Learn how genetic variants in your DNA can alert you to your unique health risks so you can take action to protect your immune system.
To date, nearly 9.6 million people have been diagnosed with COVID-19 worldwide. And, since many scientists and disease specialists predict a spike in cases this winter, many of us are still figuring out how to best protect ourselves from the invisible pathogens lurking in the environment.
When you go to the grocery store you worry about touching the shopping cart handle. Or when you go for a walk with your kids, you cringe when they pick up the playground toys. You keep hand sanitizer in your car so you can use it on the go and a spare mask in your glove box just in case.
By now, you know to wash your hands frequently, cover your mouth in public, and practice social distancing to stay safe. But it’s still difficult to know if your precautions are good enough.
Most days you find yourself wondering if there’s anything else you can do to protect yourself and your loved ones.
Thanks to the science of genetics, there’s another way to be proactive about protecting your immune health. You can map your DNA to learn about your own individual predispositions to certain immune reactions, immune disorders, and vitamin deficiencies.
Most of the time, we all follow the same guidelines to stay healthy. But knowing your unique immune system strengths and weaknesses can inform you what precautions are necessary to mitigate your risks and avoid serious health complications.
Getting an immune function genetics report is like having access to your body’s playbook. It’ll help you understand how your body will react to invasive pathogens so you can support your immune system efficiently and effectively.
For example, if you learn that you have a genetic predisposition to develop breast cancer, you might choose to quit smoking. Likewise, if you learn that you have a genetic predisposition to develop respiratory tract infections—a severe and problematic symptom of COVID-19—you might opt for home delivery grocery services when COVID-19 cases spike in your area.
When you know your genetic predispositions and precise risks, you can take the right precautions to protect yourself against pathogens in your environment.
Especially in the face of the novel coronavirus, knowledge is power. Know your genetics. Know your immunity. Know your risks.
Your genetic variants make you unique.
Your genes are responsible for all your biological traits. They’re the basic unit of heredity, and they carry information that determines which features and characteristics are passed on to you from your parents. Essentially, your genes govern your biological makeup and make you uniquely you.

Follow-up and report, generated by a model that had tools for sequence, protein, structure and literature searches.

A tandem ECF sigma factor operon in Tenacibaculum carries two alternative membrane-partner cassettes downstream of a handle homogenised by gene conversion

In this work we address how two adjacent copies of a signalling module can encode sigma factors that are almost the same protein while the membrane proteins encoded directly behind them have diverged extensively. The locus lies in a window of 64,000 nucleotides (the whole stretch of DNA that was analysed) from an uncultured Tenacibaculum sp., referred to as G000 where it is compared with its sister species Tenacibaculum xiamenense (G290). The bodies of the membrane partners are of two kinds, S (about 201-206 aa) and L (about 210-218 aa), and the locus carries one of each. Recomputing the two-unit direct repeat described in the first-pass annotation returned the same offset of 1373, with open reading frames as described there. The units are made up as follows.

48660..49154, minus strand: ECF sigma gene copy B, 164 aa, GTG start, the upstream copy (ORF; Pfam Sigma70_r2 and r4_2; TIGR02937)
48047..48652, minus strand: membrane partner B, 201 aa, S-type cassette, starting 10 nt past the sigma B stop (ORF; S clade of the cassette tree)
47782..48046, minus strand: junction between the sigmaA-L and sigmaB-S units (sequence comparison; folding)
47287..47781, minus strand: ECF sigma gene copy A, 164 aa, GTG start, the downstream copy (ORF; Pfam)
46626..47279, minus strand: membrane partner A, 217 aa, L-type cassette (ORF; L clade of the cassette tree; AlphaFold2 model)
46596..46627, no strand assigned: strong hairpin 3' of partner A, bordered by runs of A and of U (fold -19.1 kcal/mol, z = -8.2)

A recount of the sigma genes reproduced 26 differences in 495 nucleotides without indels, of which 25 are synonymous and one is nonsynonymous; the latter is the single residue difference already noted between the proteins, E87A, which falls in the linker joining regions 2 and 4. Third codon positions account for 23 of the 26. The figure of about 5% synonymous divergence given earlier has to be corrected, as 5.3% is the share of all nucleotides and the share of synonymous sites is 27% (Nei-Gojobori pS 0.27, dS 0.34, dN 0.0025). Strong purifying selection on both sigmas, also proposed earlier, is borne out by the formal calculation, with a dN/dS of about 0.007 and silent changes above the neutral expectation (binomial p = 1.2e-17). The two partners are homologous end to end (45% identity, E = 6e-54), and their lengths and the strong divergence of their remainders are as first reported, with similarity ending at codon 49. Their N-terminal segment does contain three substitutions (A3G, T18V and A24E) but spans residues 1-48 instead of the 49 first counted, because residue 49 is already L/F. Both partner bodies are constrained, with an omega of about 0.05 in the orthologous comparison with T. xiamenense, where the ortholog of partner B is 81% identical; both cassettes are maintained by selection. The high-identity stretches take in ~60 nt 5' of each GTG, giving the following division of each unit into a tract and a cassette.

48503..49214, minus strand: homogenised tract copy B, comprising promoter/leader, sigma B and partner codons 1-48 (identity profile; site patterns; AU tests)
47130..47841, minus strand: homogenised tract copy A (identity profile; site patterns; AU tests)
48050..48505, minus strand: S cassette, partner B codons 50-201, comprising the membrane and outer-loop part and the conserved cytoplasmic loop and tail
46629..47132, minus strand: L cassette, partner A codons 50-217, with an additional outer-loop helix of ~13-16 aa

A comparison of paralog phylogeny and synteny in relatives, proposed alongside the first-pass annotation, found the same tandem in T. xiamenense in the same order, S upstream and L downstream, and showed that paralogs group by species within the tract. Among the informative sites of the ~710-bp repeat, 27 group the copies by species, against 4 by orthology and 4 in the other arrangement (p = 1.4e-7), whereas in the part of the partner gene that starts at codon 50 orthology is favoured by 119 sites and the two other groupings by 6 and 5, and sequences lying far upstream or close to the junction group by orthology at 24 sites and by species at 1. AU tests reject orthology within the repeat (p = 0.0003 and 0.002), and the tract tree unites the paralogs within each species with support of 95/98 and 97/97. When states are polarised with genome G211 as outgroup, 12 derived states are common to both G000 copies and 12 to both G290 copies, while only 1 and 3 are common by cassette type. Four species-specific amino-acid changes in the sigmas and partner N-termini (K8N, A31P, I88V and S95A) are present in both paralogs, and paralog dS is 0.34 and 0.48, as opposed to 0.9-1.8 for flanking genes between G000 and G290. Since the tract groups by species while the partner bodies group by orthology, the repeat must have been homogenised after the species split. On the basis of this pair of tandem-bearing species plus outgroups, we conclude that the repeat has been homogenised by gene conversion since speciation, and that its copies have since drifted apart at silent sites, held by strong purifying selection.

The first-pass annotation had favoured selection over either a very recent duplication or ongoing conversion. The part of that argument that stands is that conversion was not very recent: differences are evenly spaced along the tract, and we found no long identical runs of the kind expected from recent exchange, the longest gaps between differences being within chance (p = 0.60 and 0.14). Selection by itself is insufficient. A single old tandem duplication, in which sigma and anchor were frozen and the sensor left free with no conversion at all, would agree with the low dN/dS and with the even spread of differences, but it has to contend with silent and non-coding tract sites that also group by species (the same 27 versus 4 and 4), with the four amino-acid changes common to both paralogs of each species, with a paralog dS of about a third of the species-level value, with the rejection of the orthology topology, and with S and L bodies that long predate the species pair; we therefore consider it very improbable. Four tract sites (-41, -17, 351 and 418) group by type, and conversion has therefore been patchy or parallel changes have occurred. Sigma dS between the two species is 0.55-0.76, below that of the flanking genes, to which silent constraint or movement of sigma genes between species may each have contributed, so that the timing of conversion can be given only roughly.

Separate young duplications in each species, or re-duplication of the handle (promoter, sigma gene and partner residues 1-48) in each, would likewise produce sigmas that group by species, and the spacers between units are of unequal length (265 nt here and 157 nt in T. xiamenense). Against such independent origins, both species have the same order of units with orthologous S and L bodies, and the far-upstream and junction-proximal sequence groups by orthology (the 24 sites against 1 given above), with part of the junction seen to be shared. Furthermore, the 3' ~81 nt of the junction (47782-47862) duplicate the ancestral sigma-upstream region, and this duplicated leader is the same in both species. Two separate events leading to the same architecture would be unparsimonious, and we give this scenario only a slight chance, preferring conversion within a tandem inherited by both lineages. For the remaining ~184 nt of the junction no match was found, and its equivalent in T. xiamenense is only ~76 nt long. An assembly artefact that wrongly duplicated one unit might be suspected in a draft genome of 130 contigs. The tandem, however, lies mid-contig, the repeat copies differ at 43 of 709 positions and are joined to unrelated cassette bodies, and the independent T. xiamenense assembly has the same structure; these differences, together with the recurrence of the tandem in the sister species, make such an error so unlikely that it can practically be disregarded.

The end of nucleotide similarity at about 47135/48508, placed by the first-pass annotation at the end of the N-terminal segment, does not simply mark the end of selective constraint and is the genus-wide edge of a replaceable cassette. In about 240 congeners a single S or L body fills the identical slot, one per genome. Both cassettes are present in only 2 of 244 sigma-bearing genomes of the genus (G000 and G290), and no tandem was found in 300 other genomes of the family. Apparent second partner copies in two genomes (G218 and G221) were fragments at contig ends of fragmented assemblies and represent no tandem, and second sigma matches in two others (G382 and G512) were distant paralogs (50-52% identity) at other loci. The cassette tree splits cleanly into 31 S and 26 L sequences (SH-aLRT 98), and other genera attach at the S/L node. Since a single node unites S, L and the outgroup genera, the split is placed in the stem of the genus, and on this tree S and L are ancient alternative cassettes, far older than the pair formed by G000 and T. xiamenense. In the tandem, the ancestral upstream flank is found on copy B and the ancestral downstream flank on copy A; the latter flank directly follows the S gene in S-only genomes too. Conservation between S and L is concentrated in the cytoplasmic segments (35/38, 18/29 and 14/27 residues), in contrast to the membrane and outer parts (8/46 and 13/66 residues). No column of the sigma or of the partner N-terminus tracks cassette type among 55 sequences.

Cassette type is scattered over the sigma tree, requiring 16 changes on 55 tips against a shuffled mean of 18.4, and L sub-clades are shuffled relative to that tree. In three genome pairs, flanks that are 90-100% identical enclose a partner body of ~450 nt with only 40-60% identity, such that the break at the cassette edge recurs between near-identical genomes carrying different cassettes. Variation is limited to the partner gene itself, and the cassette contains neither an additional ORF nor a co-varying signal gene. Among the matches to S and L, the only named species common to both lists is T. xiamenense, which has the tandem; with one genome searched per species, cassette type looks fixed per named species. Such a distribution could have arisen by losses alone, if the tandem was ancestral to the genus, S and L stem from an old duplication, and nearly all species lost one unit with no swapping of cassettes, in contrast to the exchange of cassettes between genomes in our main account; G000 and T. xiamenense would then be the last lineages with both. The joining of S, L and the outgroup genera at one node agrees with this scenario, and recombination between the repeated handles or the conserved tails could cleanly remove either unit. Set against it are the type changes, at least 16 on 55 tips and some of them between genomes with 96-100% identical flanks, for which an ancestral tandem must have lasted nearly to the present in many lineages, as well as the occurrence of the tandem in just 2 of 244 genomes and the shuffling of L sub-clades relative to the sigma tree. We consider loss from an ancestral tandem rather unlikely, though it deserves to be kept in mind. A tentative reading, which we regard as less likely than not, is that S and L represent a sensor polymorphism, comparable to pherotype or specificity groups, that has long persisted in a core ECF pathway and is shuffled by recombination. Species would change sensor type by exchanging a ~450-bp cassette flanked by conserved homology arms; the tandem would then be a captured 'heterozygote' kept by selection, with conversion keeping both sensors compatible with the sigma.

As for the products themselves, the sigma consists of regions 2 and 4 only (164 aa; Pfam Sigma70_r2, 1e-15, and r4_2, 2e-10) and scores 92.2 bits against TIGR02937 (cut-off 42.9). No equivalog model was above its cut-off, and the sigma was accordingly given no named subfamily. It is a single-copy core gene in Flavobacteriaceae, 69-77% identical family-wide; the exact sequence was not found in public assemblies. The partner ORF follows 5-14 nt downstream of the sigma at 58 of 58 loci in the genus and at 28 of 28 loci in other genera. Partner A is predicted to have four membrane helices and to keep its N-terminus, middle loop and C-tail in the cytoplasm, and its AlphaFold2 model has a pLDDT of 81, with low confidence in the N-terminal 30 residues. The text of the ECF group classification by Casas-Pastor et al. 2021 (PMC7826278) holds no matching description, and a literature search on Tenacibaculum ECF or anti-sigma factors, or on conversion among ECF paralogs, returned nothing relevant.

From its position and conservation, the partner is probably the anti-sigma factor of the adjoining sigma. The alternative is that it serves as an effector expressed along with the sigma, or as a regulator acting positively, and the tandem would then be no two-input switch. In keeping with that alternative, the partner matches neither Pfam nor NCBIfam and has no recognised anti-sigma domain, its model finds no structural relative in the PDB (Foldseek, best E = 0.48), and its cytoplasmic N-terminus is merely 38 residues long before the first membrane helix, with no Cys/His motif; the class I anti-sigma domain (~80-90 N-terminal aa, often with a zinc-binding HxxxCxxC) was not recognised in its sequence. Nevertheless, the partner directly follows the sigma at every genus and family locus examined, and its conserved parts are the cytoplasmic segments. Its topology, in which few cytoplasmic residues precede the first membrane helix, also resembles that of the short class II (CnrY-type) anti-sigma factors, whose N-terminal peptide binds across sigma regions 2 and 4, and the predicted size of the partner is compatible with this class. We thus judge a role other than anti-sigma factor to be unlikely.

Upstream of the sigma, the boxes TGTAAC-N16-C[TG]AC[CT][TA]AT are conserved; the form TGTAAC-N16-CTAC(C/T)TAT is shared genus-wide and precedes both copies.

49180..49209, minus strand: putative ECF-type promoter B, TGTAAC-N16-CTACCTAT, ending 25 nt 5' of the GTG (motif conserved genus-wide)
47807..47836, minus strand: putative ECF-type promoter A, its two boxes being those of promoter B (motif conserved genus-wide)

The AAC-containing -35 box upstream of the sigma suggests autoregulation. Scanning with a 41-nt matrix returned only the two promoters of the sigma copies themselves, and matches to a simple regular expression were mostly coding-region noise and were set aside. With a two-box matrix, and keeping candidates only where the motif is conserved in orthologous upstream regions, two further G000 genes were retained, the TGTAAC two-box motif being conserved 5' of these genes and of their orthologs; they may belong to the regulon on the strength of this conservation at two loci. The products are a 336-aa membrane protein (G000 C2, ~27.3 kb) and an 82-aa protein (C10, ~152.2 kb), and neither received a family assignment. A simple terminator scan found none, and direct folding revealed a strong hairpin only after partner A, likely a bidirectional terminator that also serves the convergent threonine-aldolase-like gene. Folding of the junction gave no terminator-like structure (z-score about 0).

For example, if you have green eyes like your mother, it’s because you’ve inherited genetic information from her that determines eye color. If you’re tall and athletic like your father, you’ve inherited his genetic coding that determines your height and athletic capabilities.
There are approximately 25,000 genes in every human, according to the Human Genome Project. Most genetic information in the human genome is the same from person to person. These are the genetic instructions that wire you as a human, rather than a dog or a fish.
But there is a small percentage of your genes (less than 1% of the total) that are uniquely yours. These are the genetic variations that determine your physical appearances, such as your hair and skin color. They also dictate your unique susceptibilities, predispositions, and behaviors, such as your genetic risks to develop serious illnesses like Alzheimer’s or Parkinson’s disease.
Since parents pass their genes on to their offspring, some health risks and diseases tend to cluster in families, just like other inheritable traits.
- Your genes are the blueprints from which your body builds itself and carries out its internal functions.
- Across all humans, most genetic information is the same.
- Less than 1 percent of your genes, however, are unique to you.
- They dictate your physical appearances, such as your eye and hair color, and they govern your biological processes that determine your health. For example, some genetic variants are linked to an increased risk of developing Alzheimer’s or Parkinson’s disease.
How is my DNA related to my immunity?
Getting sick can feel like an unlucky draw. But your adaptive immune response to pathogens (the response that takes place internally after you’ve been exposed to germs) isn’t random. In fact, it’s mostly determined by specialized instructions in your DNA.
Have you ever caught a virus that was going around at work? In the afternoon you feel a sore throat coming on and the next morning you’re on the couch unable to move. You call out of work for the entire week because you end up with a severe case of bronchitis and your doctor advises you to rest.